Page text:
• John Barron

    BTW, my father lost over $1M worth of value between the housing and market crash, and we agree on these points.

  • lbwoodgate

    Millionaires and billionaires don’t earn theirs by the sweat of their brow anymore. They earn it from the sweat of others. The same goes for the investor class that are lucky enough to hit the stock market right on enough good days while sitting at the computer in their jammies.

  • John Barron

    It’s not that I’d like to see people die in the streets, I’d like people to stop being so used to others paying for their bills.

    Democrats have created a “where’s my free stuff?” attitude, and now liberals have gone from gratitute to expectence. As if I owe some hand-out seeking loser my hard earned money. As if there are people who deserve my money more than I do.

    • Snoring Dog Studio

      John – Must be difficult holding that GIANT brush that you paint all Democrats with. A lot of your points have some basis in sound reasoning, but it sure slams the door on conversation when you start blasting the entire nation of Democrats and liberals. A lot of people are where they are right now simply due to a lousy economy brought on by the GREED of Wall Street and the stupid deregulation of the government loan agencies Fannie and Freddie. Things spiraled out of control, health care costs continued to rise, people lost their jobs. An economy that has a large number of unemployed, impoverished, underinsured, non insured citizens is not a healthy one. It’s in all of our best interest to stop being so damn partisan about the problems and start fixing them.

      • John Barron

        I realize I am generalizing to a point. However I have yet to meet a Democrat or a liberal who thought there were too many hand-outs. I have never met a Democrat or a liberal who didn’t think we shouldn’t increase degree and the scope of the welfare programs.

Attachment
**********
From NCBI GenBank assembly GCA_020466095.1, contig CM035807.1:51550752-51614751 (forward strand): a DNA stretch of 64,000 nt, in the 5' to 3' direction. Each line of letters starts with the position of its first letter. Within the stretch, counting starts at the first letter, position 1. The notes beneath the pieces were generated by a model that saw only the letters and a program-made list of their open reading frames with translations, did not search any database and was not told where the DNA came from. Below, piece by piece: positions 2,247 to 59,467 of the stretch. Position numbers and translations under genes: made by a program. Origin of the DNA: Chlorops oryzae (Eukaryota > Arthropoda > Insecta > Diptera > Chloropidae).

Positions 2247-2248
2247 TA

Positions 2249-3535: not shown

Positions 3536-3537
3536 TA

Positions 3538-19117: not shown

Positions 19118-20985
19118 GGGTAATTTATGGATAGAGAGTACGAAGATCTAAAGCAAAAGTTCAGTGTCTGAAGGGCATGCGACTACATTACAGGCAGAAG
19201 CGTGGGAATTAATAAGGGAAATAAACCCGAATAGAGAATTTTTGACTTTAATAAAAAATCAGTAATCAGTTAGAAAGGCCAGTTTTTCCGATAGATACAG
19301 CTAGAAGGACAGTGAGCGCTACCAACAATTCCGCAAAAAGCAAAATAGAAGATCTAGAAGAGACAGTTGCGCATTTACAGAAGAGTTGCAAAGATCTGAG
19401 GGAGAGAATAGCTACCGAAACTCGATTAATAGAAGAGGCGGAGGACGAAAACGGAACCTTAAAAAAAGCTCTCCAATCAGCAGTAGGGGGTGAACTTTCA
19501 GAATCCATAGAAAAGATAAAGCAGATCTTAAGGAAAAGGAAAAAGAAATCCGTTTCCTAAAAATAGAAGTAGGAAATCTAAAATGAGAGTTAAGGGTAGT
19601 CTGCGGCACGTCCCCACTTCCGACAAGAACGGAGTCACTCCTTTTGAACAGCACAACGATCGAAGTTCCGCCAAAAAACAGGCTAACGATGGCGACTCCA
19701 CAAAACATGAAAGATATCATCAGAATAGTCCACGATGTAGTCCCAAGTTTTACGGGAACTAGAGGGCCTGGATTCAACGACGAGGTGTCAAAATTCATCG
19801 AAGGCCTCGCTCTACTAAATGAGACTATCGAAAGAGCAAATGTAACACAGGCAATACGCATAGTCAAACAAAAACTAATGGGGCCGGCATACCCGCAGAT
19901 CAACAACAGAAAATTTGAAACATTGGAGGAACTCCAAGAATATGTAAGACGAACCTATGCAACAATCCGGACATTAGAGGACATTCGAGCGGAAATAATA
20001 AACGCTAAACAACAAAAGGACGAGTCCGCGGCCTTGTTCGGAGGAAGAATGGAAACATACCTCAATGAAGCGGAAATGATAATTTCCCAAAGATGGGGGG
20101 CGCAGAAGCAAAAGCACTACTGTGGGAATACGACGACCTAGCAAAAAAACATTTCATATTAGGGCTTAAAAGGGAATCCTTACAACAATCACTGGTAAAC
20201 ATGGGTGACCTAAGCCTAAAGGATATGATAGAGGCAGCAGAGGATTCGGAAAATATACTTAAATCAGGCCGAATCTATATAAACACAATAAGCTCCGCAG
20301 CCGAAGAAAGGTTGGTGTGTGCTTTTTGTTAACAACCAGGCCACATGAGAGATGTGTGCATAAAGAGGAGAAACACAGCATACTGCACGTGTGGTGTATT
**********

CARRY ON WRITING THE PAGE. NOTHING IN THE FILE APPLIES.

Now unless I just happen to meet only those who are in favor of hand outs, or my generalization, though broad, is accurate. Before people ask with an accusing whine, “how many liberals do you know?” I work in a very liberal democrat union job. In a station with 60 or so workers, I know of 3 conservatives. The rest are very outspoken and vocal about politics. I am openly referred to as the “piece of shit fucking scum-bag union hating republican”. I am not speculating.

      • Spinny Liberal

        Those who are extreme one way or the other have a tendency to slam the door. It’s OK and expected.

        ETA: What they don’t realize when they’re doing that is they miss an opportunity to hear from people who might have ideas similar to their own. I believe that welfare should be a springboard and should be limited to about 2 years. 3rd and 4th generation welfare is unacceptable. I would love to see more welfare to work programs. Not exactly a liberal standpoint.

    • Don in Mass

      Don’t start insulting the Democrats and the Liberals intelligence. You talk about hand outs, how about all the millions the government gives the big oil companies in subsidies and tax breaks. Think about that. Stop denigrating the pour with your Republican rubbish.

      • John Barron

        “Don’t start insulting the Democrats and the Liberals intelligence”

        C’mon, we both know that’s not possible.

      • Spinny Liberal

        Does it make you feel better about yourself to put an entire group of people down? If so, I won’t stand in the way of you bolstering your self-esteem.

  • John

    With all due respect, I did not begin the barage of insults. I hope you don’t selectively chastize conservatives her.

  • Christopher Cocca

    Spinny, thanks for sharing this. Rep. Woodall’s remarks are unbelievable and, when juxtaposed to the reality you point out, that Woodall will have a nice government pension and will never have to worry about food, medicine, etc, well, his comments become downright obscene. Mr. Congressman, WE take care of you, and you serve at our pleasure. And that pension? You’re welcome.